Mr Trump’s decision to pull out of the Paris Climate Agreement provoked a strong, if entirely predictable reacton from the global elites, the media and millions of ordinary folks who presumably believe, with all sincerity, that his actions are going to lead to environmental Armageddon. They have also seen a resurgence in those dread insults, “denial” and “denier” – words once used almost exclusively to describe those who deny an actual historical fact, namely Adolf Hitler’s policy of exterminating Jews and others his regime considered subhuman.

As an aside, I note with interest that many who are making the loudest noises about “our future” and the “future of the planet” tend to be representatives of countries that have fertility rates below 2, not to mention those that eliminate thousands of their own future citizens in a process that they call choice. So much for choosing the future.

There is little point in dwelling on the Paris Agreement itself. Suffice it to say that firstly it commits governments to absolutely nothing, and secondly if anyone thinks that the likes of the Chinese are actually going to impede their economic growth for the sake of appeasing the Western environmental movement, they are seriously deluded.

But what of the charges of being a “climate change denier”? Well, if questioning the claims of “man-made climate change” (MMCC) makes one a denier, then I’m very happy to wear the badge. But what is it I am actually denying?

What I am not necessarily doing is denying that man’s activities are causing changes to the global climate. I do not know that, I cannot know that, and nor can anyone else. What I am doing is denying that it has been scientifically proven, or that it even can be scientifically proven. Why so?

Acceptance of the theory of MMCC rests squarely on accepting a number propositions and deductions, which together form one enormous logical fallacy. Behind all the jargon, and the mass of data, these are the propositions and deductions it rests upon:

Proposition A: Man is pumping more CO­2 into the atmosphere than ever before Proposition B: Global temperatures are rising

Which leads to:

Deduction A: Man’s release of CO­2 is responsible for the rise in global temperatures; and
Deduction B: Man can slow/halt/reverse the rise in global temperatures, by reducing emissions of CO­2 in particular.

Now, which of those statements is scientific? I mean, which of them can be demonstrated scientifically to be true?

The only statement that comes close to being a scientific provable fact is Proposition A. I say comes close to, rather than is, simply because there are no records of CO­2 emissions down the centuries from which to prove or disprove its accuracy. There is no way of knowing how much CO­2 was released into the atmosphere in the times of the Romans or the Vikings or the Reformation, for instance. Nevertheless, since it is surely inconceivable that a pre-industrialisation world, with a much lower population as well, could have emitted more CO­2 than today, I am happy to treat it as an obvious fact.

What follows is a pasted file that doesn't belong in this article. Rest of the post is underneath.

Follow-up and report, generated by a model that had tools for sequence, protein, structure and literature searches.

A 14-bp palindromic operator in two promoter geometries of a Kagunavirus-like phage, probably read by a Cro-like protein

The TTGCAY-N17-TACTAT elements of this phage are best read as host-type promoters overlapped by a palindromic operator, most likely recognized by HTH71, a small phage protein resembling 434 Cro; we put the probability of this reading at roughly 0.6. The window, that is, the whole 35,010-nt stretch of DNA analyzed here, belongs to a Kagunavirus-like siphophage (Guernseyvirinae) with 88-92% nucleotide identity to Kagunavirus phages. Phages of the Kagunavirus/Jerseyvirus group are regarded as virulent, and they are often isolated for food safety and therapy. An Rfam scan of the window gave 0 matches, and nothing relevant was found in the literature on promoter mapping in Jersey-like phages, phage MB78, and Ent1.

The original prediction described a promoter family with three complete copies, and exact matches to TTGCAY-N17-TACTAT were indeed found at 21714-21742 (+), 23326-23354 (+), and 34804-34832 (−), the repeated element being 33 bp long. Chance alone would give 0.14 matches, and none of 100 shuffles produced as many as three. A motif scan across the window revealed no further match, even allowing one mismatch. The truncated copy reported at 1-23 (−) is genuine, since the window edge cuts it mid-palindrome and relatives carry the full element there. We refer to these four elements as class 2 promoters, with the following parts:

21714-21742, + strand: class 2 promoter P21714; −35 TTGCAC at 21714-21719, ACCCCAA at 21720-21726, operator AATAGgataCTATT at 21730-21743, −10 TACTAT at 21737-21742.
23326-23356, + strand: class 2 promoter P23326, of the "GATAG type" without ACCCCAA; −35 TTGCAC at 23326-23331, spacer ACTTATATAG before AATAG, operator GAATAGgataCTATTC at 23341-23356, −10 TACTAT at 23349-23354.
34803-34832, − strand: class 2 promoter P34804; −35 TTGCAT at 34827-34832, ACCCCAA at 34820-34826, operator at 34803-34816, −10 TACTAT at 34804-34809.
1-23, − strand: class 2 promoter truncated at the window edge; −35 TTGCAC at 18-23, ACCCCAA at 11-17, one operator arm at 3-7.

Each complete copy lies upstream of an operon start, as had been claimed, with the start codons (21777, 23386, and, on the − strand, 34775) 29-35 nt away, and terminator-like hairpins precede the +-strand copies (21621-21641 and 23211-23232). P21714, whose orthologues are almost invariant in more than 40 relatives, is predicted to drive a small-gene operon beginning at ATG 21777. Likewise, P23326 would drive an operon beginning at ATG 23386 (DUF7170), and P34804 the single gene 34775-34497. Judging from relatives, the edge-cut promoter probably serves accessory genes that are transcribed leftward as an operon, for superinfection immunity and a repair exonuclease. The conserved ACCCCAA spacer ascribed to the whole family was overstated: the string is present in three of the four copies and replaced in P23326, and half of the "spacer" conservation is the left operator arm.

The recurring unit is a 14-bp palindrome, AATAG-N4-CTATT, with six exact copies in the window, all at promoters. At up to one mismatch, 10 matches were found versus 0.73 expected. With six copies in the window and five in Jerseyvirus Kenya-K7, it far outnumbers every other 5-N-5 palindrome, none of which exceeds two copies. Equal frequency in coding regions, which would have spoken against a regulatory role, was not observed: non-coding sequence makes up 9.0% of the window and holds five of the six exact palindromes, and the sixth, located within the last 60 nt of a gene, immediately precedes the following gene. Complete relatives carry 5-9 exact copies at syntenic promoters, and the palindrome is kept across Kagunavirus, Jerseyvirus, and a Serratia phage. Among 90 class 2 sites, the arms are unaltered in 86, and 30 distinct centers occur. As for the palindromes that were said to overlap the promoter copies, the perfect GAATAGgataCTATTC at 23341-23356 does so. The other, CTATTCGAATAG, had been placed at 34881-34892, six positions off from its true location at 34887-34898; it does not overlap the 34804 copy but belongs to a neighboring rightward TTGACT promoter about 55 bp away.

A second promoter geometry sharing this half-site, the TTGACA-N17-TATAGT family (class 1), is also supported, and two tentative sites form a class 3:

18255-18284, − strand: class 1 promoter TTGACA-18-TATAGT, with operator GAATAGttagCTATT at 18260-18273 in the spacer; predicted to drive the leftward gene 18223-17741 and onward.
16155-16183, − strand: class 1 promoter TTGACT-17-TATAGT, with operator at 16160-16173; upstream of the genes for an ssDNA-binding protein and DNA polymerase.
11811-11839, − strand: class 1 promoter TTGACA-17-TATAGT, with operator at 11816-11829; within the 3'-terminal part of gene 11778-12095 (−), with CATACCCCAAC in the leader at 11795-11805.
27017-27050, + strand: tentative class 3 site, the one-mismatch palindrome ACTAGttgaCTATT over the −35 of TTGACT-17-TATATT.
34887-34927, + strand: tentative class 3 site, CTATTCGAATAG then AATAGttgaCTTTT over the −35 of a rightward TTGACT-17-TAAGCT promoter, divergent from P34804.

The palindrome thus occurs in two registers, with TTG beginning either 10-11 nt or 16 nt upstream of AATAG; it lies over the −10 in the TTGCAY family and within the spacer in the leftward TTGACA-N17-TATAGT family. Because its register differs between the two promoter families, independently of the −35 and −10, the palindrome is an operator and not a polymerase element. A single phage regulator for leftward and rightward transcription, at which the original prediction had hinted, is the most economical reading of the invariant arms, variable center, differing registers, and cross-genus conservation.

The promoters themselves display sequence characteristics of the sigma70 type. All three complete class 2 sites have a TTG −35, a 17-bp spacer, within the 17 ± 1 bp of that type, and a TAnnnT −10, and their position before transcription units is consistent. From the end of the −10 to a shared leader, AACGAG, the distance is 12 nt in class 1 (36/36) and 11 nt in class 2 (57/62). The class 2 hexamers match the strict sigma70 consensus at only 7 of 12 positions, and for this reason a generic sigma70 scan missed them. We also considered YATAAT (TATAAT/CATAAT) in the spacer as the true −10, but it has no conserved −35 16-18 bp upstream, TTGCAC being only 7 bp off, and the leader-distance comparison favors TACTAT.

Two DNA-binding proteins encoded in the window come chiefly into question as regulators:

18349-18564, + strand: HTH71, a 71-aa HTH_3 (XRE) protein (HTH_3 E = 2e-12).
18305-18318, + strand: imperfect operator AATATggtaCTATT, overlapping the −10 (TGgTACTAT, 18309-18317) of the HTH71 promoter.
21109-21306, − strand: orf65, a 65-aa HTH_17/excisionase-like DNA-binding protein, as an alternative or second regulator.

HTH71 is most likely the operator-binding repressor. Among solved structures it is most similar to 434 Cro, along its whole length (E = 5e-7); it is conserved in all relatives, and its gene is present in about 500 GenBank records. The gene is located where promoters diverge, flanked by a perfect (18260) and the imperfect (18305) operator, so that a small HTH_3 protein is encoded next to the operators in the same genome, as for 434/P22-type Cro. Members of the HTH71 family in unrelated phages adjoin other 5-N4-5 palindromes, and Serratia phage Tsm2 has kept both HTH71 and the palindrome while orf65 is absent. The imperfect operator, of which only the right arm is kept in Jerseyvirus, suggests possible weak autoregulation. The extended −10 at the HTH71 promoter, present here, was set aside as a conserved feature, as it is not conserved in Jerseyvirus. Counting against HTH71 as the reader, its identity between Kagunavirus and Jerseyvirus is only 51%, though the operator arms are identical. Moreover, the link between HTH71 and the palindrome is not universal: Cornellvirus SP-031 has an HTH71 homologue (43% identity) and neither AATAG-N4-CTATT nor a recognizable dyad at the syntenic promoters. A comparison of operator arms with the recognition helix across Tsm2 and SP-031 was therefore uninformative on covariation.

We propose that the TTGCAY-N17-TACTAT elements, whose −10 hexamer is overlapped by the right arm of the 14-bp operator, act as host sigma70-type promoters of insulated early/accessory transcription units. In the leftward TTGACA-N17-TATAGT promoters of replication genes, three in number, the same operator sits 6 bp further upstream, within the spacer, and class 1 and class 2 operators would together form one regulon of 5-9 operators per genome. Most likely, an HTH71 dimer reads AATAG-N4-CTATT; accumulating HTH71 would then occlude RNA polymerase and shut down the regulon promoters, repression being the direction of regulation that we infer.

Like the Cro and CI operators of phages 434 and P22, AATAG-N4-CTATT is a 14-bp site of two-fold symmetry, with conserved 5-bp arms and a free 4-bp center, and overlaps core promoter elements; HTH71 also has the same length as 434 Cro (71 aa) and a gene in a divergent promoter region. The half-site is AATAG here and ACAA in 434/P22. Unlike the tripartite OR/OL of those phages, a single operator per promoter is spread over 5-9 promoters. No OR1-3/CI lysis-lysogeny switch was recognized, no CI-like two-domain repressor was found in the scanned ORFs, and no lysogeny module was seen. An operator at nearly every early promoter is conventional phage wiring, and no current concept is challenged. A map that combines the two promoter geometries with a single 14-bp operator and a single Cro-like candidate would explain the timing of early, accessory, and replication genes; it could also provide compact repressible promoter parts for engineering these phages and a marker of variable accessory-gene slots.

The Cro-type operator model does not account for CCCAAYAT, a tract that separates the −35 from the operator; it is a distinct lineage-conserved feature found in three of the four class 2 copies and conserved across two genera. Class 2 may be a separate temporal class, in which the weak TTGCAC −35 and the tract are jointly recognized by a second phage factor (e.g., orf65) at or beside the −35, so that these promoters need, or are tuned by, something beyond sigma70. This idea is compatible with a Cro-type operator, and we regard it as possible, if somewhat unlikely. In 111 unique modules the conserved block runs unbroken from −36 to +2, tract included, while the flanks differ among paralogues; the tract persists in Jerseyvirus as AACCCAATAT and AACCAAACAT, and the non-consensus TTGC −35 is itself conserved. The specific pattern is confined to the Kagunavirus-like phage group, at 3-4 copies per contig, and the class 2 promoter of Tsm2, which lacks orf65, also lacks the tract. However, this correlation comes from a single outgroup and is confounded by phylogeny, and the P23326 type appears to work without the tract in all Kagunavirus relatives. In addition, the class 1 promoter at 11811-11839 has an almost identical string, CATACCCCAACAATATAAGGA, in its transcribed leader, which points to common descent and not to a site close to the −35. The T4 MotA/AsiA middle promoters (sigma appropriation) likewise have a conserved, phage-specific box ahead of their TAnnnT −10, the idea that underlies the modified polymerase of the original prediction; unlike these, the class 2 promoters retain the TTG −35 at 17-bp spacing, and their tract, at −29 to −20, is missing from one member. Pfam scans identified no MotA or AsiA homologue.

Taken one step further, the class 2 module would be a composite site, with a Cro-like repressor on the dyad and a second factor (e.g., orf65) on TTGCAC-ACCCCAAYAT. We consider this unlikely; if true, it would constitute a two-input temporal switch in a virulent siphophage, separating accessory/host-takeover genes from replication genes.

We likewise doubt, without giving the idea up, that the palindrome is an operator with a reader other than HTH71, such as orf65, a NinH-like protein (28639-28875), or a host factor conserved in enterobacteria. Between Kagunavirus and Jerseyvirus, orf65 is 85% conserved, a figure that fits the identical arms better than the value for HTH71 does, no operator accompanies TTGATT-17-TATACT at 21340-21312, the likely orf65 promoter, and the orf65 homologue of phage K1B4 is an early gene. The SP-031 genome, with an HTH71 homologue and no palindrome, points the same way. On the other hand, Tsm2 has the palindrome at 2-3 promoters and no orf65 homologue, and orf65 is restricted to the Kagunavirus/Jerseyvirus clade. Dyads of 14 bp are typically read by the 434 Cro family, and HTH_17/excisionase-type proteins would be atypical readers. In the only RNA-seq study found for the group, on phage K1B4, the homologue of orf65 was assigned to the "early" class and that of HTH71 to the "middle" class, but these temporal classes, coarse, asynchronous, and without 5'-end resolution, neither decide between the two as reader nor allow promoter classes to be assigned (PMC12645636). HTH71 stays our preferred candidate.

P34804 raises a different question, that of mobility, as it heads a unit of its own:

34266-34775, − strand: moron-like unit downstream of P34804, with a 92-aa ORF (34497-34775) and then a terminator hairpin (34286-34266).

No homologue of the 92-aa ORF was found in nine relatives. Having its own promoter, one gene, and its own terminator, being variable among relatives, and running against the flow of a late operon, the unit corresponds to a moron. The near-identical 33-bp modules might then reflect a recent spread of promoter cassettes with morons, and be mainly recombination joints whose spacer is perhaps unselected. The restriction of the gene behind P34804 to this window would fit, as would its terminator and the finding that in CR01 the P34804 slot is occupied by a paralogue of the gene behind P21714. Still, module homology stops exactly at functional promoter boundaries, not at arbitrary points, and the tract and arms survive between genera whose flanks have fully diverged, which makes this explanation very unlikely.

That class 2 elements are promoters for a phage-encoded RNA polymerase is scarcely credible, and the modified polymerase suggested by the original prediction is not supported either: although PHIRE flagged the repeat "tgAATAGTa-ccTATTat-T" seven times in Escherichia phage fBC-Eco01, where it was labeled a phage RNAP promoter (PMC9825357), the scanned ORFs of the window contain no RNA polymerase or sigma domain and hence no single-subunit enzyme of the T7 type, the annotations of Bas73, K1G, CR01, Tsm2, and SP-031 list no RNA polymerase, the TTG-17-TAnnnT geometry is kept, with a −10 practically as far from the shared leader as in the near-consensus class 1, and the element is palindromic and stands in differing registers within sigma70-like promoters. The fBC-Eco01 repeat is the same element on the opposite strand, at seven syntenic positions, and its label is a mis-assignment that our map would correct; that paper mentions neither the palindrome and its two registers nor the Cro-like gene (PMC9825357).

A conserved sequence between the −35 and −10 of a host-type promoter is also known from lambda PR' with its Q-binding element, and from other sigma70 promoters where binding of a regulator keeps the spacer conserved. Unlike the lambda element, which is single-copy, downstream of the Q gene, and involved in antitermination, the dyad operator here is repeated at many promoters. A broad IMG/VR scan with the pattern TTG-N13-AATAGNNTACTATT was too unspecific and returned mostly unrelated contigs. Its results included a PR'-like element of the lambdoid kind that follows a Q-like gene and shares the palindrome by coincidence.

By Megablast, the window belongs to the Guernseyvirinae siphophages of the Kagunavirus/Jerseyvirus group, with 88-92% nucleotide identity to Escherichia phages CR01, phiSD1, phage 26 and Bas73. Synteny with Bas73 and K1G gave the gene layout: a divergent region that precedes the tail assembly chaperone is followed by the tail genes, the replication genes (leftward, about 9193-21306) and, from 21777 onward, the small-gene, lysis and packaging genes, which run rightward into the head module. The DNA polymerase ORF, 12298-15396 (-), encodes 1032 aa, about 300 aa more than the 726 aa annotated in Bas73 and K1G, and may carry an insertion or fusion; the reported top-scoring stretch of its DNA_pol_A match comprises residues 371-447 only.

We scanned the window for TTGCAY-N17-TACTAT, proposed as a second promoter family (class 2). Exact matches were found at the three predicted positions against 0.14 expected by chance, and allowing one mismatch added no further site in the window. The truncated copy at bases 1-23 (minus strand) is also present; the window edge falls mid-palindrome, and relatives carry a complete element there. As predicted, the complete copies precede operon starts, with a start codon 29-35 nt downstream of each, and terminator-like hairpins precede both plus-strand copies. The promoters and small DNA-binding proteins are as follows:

Proposition B, on the other hand, is far from being a scientific fact, and is very much open to challenge. Firstly, there is the fact that again we simply do not have records going back far enough that could give us an accurate picture. There is, however, abundant anecdotal evidence to show that there have been periods that have been generally cooler, and periods that have been generally warmer than today.

Secondly, although the data does appear to support the idea that there has been a rise of surface and lower atmospheric temperatures in the latter half of the 20th century, this was then followed by a slight drop in temperatures from 1998 onwards. It is interesting that MMCC proponents themselves accepted that this was the case, yet rather than allow it to challenge their hypothesis, which is what scientists are supposed to do when data contradicting their hypothesis comes along, instead they put it down to a “pause” or “hiatus” (see here for instance).

The hiatus itself was then disputed by the National Oceanic and Atmospheric Administration (NOAA), in a report that was conveniently timed to coincide with the UN Climate Conference in Paris in 2015. However, earlier this year, one of NOAA’s top scientists, Dr John Bates, revealed that the NOAA report was based on “unverified” data. Dr Bates accused the lead author of the paper, Thomas Karl, of:

“Insisting on decisions and scientific choices that maximised warming and minimised documentation… in an effort to discredit the notion of a global warming pause, rushed so that he could time publication to influence national and international deliberations on climate policy.”

His claims were brushed aside by the American Association for the Advancement of Science (AAAS), which publishes the journal Science in which the Karl study first appeared. So far as I can tell, they’ve never bothered to engage with his very serious criticisms, but have instead basically ignored them and characterised them as an “internal dispute between two factions [within NOAA]”. What this incident shows is not necessarily the rightness or wrongness of one side or the other, but that the MMCC hypothesis is driven not by a commitment to truth and science, but by politics and ideology. If it were simple science, Dr Bates’s claims could have and would have been refuted by irrefutable facts. But they weren’t.